Foot-and-mouth, the incurable cattle disease, which has paralyzed parts of Western Europe and has found its way to Argentina and Brazil, is now being reported in Gulf states.
Ten cases of foot and mouth disease have been detected in different parts of Saudi Arabia, Agriculture Minister Abdullah Bin Abdelaziz told the official SPA news agency Sunday, March 10. Eight cows and calves had reportedly been slaughtered where cases were discovered in the regions of Riyadh, Medina and the eastern part of the country.
According to Saeed Al-Ragabani, the UAE agriculture and fisheries minister, eight cows imported to the country were found to be suffering from the disease. However, according to press reports Sunday, more than 150 cattle suffering from the disease have been slaughtered throughout the UAE.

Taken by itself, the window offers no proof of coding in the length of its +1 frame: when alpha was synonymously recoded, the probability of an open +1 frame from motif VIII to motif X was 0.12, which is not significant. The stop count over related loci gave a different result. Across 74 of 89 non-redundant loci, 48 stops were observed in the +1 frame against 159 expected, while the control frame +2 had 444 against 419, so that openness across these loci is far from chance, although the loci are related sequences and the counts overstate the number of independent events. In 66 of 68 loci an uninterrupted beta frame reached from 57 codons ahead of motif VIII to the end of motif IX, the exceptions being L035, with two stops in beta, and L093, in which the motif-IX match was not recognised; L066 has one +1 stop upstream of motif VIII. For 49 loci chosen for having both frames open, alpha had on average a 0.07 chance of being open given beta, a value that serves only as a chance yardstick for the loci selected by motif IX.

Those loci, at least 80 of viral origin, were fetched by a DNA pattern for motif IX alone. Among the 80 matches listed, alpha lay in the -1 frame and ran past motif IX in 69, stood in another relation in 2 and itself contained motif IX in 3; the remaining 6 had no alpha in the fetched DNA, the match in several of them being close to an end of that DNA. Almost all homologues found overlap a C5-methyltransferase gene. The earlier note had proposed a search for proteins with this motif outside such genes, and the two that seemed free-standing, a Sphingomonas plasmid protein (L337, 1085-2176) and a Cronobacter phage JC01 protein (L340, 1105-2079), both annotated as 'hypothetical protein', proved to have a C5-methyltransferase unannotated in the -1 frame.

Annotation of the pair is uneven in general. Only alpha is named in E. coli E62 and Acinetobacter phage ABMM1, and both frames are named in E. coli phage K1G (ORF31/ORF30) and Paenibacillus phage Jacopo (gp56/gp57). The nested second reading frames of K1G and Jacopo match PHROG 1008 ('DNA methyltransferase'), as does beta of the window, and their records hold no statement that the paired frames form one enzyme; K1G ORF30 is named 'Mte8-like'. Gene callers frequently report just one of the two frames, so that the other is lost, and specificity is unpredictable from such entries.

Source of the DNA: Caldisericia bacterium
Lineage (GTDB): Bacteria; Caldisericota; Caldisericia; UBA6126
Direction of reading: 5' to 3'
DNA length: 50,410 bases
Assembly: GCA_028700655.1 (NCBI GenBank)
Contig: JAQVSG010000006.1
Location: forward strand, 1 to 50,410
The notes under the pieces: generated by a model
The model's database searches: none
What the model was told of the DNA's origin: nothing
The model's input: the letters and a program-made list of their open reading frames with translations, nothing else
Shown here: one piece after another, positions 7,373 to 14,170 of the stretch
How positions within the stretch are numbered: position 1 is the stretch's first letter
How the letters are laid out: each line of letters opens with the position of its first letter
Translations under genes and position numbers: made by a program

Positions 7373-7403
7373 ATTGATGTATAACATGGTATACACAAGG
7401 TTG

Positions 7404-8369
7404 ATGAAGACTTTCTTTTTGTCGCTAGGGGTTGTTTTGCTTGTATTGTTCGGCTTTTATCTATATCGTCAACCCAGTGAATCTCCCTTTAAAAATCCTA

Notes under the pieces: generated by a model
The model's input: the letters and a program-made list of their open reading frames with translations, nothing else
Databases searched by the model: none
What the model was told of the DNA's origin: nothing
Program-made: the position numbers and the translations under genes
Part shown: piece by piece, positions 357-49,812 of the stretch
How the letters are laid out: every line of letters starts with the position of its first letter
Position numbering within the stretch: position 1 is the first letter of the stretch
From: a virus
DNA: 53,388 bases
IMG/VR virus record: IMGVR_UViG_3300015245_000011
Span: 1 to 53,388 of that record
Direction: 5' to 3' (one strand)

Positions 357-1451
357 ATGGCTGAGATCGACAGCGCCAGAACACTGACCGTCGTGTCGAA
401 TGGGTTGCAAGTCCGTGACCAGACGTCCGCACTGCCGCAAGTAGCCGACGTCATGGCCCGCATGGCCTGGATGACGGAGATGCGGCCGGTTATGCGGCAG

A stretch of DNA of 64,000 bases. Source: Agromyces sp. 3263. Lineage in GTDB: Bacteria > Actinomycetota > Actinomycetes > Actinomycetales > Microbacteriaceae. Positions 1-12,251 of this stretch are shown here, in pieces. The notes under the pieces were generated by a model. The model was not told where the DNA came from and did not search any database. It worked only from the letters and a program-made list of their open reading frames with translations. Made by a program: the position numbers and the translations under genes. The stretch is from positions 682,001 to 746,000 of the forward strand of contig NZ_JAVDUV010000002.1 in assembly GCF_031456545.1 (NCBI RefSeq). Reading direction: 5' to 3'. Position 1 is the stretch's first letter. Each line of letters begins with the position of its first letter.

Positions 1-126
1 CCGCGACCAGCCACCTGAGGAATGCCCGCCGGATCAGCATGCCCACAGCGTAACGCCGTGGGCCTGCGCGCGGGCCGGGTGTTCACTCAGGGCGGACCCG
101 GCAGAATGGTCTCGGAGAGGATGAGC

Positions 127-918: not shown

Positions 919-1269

Foot-and-mouth disease has long been a major constraint to intensive livestock production in the Middle East, and in spite of vaccinations—twice or even three times a year—the disease has caused serious economic losses in some of the large dairy herds in the area.
Kuwait maintains that within its boundries no cases have yet been reported.
In 1999, Type O outbreaks of foot-and-mouth disease were reported in Bahrain, Iran, Iraq, Israel, Jordan, Kuwait, Oman, Qatar, Saudi Arabia, the Syrian Arab Republic, Turkey, the United Arab Emirates and Yemen. Type A outbreaks were reported from Georgia, Iran and Turkey
In a related development, the European Union food safety commissioner, David Byrne, was critical of countries that had taken "unnecessary and excessive" measures in protecting themselves from the spread of the disease. Among the countries mentioned were Morocco and Tunisia, which imposed a ban on the import of grain from EU member nations. — (Albawaba-MEBG)
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